I’m not exaggerating when I say that I’ve been worrying about this for years. It probably started within their first year of life. I’m supposed to let them go? Loosen my grip? Put them in the hands of other people that I don’t know and trust that they will be cared for as well as I will care for them? Do I really have to send them to school? I used to tell Chad that he would have to take a week off work when Charlie started Kindergarten just to support me.
We had time, though. Let’s not dwell on it.
Suddenly, out of nowhere, the day arrived. The day I’d been dreading. The First Day Of School.
Over the last week, I drove Charlie and Chanelle to their respective schools, unclasped my fingers from their tiny hands, turned around, and walked away.
It started last Friday with Charlie.
I was feeling pretty confident the morning of his first day. We had been to his school a couple of days before and met his teacher, toured his classroom, ate lunch, and found his locker. Within moments of stepping into the school I had fallen in love. (We open enrolled Charlie to a school about 30 min. from our home for reasons that I won’t go into now and this was my first exposure.) Chad knew the school well as it was his childhood school and I adored the quaint little building in the beautiful little community immediately.
|Exploring his locker at orientation|
After a quick photo, we jumped in the car for the 30 min. drive to school. The drive down was like any drive with silly chatter and intermittent song requests, except for a few nervous questions from Charlie. . . Did you pack my folder? Did you remember my lunch? All was calm as we drove into the parking lot and parked the car. The three of us climbed out of the car and marched up to the awaiting principal who would escort the children to their classrooms. That’s when it happened. . . the lump.
Dang, that lump.
I have no pictures of his first day. No photograph of him standing with his backpack and name tag outside the school with all the other anxious Kindergartners. Nothing. The lump won. I quickly handed him off, kissed the top of his head and turned my back just in time for the first tears to fall as I headed back to the car.
Chanelle and I exited the parking lot and her happy chatter continued from the backseat while I tried to compose myself with silent tears falling from my eyes. The tears fell, that is, until I glanced in the rear view mirror and saw my too cool for school 3-year old. . .
. . . and I started laughing. It was a jolt back to reality reminding me to enjoy this precious little one who still needs all of me. We had a nice afternoon painting, playing, and partaking in a little retail therapy. Chanelle needed new shoes for school and how could we pass up her very first pair of toe socks?
|She thought she was “the stuff” with these socks|
Before we knew it Charlie was home and he had survived and so had we. And just three days later we got to do it again for Chanelle’s first day.
Oh, my little girl was ready and really, so was I. She was going to the preschool Charlie had attended. She was familiar with it and there really wasn’t nervousness at all. She excitedly got dressed and strapped on her backpack and seemed unaffected by this new schedule. The expert, Charlie, made sure she knew that he used to go to that school so it was still, kind of, his school.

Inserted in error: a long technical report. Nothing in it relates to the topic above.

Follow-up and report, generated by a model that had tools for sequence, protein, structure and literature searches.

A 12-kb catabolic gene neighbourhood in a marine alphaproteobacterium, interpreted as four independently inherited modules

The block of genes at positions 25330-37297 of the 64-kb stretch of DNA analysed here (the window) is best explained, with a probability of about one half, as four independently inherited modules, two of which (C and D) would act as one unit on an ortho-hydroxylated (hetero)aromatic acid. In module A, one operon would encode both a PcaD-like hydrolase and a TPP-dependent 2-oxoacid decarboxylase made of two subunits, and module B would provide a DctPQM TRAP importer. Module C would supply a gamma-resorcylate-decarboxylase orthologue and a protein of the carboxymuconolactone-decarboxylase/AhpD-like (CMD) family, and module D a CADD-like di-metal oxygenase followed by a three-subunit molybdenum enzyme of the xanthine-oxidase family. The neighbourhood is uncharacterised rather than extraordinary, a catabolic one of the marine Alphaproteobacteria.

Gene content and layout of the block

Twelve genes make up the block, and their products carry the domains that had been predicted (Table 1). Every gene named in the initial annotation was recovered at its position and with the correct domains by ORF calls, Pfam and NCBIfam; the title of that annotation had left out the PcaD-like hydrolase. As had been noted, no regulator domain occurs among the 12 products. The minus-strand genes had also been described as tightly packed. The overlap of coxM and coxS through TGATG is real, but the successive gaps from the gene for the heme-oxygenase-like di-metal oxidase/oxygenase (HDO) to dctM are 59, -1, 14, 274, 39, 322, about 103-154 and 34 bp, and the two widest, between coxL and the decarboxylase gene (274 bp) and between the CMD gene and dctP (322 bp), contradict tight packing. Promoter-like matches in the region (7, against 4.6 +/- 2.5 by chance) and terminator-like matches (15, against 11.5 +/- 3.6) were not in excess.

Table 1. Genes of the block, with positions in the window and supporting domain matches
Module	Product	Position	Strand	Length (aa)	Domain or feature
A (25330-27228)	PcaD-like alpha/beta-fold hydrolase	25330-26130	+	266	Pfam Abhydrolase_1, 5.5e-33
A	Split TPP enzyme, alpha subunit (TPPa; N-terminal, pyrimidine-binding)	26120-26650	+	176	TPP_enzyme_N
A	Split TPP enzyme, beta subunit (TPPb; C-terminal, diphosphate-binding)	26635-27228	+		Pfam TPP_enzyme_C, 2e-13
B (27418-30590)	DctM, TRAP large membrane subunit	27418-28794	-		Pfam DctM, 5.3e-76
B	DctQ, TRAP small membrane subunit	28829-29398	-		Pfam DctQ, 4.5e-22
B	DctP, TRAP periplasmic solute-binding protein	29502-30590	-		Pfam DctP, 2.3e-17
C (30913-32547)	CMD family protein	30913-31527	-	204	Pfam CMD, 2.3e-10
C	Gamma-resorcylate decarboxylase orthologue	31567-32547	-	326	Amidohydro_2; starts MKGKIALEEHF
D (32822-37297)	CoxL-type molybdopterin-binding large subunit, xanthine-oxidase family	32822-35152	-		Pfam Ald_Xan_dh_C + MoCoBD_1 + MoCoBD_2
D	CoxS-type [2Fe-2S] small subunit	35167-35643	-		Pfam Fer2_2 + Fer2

So on Monday they both got ready and we did the porch picture once again.
Chad and I walked out of the classroom and my eyes were clear of any sort of moisture, knowing that she was happy and excited. Then I stepped out of the classroom and it came back. . . the lump.
That stinkin’ lump.
Seriously? What is this about? Out of nowhere the tears streamed down my face as I walked away from my little girl who really isn’t little anymore. Why does this always happen?
I think I know.
Something happens in my mind when these transitions take place. Call it intrusive thoughts, irrational thinking, or plain old over emotionalism. . . It is what it is. In my mind I get flashes of the tiny little babies that were placed in my arms after carrying them with me for nine months. I see the gaze of big curious eyes after the giant push that brought their screaming lungs into the world. I see chubby cheeks and bottles hanging from their mouths. I see first steps and first falls. I see bald heads and the wide eyes of discovery. In my mind, I see it all from the very beginning and I am overwhelmed.
That’s when the tears fall. How did they get this big?
I wish I could be one of those mom’s that can do these transitions without tears. That would probably be the healthier way to be. I’m just not her, though. I’m learning to accept that and just go with it.
It’s funny, though. There is not one part of me that would have had these days different. I am filled with excitement about the new worlds that are being opened to them. I anticipate, with excitement, watching them discover, grow, and find their passions. I am truly, in the deepest parts of me, happy for them. But still, I cry.
This will likely be our reality. My reality and theirs. I can fight it or just accept it. It’s easier to just accept it. I can see it now on their graduation day. . .
Why is your mom crying?
Oh, don’t mind her. . . she’s fine. . . she always cries.